The landmark California Supreme Court Decision, Howell v. Hamilton Meats and Provisions Inc. ((2011) 52 Cal. 4th 541), changed the paradigm of measuring past medical expenses in California by holding a personal injury plaintiff may only recover as damages the lesser of the amount actually paid for medical services or the reasonable market value of those services.  However, the Howell, decision did not provide any specific guidance as to how to procedurally raise the issue at the trial level so as to set the stage for a potential appeal if the trial court does not properly follow or apply the Howell rule of law.  The consequences of not properly raising Howell issues pre-trial are dramatically illustrated in the recent unpublished opinion Barker v. Aminirad (2017 WL 4707682).  Although not citable as authority, the unpublished Barker decision is instructive to defense claims handlers and their counsel because it demonstrates what the defense must do pre-trial to create a record for a potential appeal.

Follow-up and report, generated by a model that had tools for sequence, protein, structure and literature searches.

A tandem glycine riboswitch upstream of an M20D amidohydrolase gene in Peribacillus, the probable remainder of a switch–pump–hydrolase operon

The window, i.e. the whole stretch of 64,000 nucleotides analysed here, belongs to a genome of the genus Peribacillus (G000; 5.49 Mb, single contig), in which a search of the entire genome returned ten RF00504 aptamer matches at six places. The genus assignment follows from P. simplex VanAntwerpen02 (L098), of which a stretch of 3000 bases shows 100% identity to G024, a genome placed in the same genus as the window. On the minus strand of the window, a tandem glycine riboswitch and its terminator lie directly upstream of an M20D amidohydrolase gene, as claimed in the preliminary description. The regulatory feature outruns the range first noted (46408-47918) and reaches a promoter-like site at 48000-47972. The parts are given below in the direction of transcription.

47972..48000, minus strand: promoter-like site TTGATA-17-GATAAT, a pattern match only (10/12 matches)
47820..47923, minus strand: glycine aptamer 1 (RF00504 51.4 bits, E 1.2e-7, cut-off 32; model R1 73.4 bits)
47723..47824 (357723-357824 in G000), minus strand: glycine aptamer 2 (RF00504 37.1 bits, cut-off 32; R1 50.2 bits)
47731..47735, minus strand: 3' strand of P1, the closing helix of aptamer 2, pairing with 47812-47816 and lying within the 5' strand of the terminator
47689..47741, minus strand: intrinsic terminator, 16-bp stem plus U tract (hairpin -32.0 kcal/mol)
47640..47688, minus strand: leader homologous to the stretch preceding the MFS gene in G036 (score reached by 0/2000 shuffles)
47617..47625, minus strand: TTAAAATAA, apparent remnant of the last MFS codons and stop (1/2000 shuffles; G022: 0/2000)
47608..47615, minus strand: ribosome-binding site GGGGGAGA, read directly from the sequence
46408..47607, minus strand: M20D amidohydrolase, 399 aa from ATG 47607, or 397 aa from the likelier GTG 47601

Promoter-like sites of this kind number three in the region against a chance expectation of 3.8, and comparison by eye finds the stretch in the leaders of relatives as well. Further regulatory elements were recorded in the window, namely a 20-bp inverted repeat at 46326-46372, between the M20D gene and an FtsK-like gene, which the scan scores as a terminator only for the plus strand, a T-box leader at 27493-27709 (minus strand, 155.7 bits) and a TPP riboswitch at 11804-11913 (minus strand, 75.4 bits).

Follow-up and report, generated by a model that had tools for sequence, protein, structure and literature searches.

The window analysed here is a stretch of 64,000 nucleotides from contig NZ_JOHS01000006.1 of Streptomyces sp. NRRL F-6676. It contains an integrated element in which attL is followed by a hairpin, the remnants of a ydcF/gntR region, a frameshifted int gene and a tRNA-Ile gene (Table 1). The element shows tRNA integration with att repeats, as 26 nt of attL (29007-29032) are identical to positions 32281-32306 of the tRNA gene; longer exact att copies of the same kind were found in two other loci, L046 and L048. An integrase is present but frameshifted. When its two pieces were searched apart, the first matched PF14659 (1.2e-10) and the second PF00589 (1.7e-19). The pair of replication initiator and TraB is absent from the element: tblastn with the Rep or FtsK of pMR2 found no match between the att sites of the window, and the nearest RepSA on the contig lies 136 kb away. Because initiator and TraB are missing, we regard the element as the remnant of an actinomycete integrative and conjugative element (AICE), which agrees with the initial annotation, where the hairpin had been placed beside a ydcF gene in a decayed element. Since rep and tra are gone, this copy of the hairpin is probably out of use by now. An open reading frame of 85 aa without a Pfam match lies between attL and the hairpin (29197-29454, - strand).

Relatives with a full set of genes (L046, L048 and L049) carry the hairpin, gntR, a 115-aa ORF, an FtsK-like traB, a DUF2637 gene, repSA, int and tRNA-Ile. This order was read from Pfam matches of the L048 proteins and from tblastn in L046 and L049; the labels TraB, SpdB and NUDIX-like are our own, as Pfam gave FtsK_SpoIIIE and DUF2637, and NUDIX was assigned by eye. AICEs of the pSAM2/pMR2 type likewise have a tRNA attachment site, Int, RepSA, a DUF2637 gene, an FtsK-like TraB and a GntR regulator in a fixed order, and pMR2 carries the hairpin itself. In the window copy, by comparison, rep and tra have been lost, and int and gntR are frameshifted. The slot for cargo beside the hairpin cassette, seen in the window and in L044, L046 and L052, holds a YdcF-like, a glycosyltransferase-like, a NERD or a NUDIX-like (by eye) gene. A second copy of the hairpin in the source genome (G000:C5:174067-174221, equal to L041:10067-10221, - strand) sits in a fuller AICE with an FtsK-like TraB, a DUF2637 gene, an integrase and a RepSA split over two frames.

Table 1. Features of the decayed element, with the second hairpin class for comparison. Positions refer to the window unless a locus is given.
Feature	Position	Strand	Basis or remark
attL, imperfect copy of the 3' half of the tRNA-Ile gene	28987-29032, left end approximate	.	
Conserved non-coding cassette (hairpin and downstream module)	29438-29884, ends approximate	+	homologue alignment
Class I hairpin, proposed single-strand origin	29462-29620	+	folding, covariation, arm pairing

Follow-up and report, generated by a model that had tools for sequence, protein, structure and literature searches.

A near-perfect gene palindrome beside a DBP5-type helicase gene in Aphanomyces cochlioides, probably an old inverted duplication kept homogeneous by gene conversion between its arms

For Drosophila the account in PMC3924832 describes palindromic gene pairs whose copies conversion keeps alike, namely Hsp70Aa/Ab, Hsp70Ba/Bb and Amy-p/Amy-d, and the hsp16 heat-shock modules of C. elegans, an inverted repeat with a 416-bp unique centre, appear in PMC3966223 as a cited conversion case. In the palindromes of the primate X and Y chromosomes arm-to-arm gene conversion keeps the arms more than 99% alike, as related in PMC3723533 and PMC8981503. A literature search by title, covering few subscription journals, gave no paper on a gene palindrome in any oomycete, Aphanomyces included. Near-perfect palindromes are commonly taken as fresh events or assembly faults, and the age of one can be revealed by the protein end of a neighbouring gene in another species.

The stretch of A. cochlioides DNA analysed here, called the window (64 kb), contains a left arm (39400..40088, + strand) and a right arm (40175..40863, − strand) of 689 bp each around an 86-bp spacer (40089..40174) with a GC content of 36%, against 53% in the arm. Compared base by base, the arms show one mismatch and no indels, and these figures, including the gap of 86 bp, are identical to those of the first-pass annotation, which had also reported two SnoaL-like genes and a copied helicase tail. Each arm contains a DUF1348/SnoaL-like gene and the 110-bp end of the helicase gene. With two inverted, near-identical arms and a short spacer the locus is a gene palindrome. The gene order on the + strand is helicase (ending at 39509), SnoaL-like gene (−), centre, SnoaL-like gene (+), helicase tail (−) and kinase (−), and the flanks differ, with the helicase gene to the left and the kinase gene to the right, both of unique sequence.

Lost in Translation: Demystifying Consolidation in Multi-Party Litigation

What does it mean when the court consolidates cases?  When separate actions are filed by separate plaintiffs arising out of the same transaction or occurrence, the issue of consolidation is likely to be raised early on by one of the parties or the court.  While the idea sounds simple enough, the wording of the statute itself and the related concepts of “relatedness” and “merger” often creates confusion and doubt among the parties and sometimes the court itself as to what exactly the legal and procedural effect of the consolidation order means and what was intended.